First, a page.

- Dec 22, 2006
- Reaction score
- Real Name
That 'carping, cutting, finding a reading here and a gesture there' won Mr. Heston his Oscar. It's not by accident that actors under your Wylers, Leans and Kazans look uniformly good. Even the most accomplished need help, if 'only' by creating the conditions that bring out the best in them.montrealfilmguy said:May 15,1958
-Today we rehearsed Vidal's rewrite of the crucial scene with Messala.Indeed the crucial scene of the whole first half of the story
since it contains the seed of so much that follows.This version is much better than the script scene and Willy brought his virtues out in his usual manner
as we worked:picking,carping cutting finding a reading here and a gesture there till you're smothered by his concept,which then proves to be excellent.
We never shot this scene of Gore's nor indeed any of the attempts he made on other sequences.I stress the point because Vidal has gone extravagantly
and disdainfully (qualities,i fear,he cannot avoid ) on record about his authorship of the Ben-Hur screenplay as well as writer-director relationships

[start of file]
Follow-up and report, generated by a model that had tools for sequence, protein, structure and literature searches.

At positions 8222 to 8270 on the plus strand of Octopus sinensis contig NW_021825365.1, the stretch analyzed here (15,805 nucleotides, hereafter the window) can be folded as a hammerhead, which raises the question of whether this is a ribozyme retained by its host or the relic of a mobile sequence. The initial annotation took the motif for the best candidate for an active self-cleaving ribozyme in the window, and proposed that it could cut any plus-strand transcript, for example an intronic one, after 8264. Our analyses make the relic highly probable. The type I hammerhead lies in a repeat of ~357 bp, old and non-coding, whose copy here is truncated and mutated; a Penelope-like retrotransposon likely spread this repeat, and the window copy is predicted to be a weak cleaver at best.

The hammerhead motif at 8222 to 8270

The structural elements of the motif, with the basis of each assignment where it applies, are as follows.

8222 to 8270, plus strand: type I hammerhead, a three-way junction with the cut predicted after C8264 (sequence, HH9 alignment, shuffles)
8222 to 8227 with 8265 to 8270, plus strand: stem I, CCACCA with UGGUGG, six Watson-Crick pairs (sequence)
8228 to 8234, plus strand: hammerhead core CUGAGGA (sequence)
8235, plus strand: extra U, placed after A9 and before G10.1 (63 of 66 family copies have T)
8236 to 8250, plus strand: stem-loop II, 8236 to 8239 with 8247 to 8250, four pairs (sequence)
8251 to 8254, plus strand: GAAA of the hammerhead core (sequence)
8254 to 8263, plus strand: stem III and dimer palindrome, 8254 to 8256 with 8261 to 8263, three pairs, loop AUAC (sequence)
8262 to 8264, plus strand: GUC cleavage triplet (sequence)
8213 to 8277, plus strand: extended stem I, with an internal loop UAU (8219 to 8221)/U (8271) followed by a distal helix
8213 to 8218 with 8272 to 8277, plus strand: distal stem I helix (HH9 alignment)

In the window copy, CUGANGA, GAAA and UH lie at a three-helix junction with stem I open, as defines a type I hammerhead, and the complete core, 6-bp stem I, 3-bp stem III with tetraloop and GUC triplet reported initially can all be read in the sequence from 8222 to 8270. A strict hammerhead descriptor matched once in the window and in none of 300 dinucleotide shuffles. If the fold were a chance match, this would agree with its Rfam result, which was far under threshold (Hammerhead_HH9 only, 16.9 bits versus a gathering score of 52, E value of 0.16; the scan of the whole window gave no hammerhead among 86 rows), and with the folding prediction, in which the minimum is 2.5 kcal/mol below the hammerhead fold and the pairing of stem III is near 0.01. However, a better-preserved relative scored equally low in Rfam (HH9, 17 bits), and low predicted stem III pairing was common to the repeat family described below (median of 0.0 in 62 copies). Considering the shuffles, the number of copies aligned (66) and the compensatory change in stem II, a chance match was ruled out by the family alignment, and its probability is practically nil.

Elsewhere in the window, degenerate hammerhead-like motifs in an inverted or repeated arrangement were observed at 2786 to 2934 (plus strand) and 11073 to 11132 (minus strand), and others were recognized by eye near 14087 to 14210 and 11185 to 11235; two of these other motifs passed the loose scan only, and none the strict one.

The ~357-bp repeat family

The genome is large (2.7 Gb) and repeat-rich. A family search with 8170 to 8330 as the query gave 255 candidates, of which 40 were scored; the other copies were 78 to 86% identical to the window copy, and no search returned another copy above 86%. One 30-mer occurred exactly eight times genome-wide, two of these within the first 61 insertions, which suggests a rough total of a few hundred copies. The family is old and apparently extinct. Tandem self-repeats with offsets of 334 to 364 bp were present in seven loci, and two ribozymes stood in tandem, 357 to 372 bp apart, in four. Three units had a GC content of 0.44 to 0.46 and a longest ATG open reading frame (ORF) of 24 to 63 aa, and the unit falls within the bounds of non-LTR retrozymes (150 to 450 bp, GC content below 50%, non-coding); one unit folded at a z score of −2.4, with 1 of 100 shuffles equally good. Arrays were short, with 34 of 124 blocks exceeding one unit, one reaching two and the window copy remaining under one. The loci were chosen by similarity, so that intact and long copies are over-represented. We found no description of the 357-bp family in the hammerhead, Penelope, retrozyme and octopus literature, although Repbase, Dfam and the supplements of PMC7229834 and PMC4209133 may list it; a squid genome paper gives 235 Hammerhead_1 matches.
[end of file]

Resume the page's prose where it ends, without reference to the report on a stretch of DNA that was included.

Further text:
in general.As i said,he's a clever man,but not about these things.
Regarding Mr. Vidal, if I live to be as old as Methusaleh, I'll never understand why anyone would want to claim credit for someone else's work. How can people live with themselves and enjoy a reputation that isn't entirely deserved? As Mr. Turner points out, there are parallels between the story here and that of Robert Bolt and his claim as sole author of Lawrence. However, while Mr. Bolt, according to Mr. Turner's biography of the writer, could legitimately lay claim to the bulk of the blue-print - and all of the dialog - for Lawrence, Mr. Vidal apparently has little if any claim on Ben-Hur.
(A bit late in the day, but I've just discovered the difference between Super Panavision 70 and Ultra Panavision 70, and why Ben-Hur is so much wider than Lawrence...). However, could someone please explain something else I've just discovered: Around the World in 80 Days was "shot twice, with cameras running at 30 and 24 fps, respectively." This last from a Wiki list of films made in 70mm.)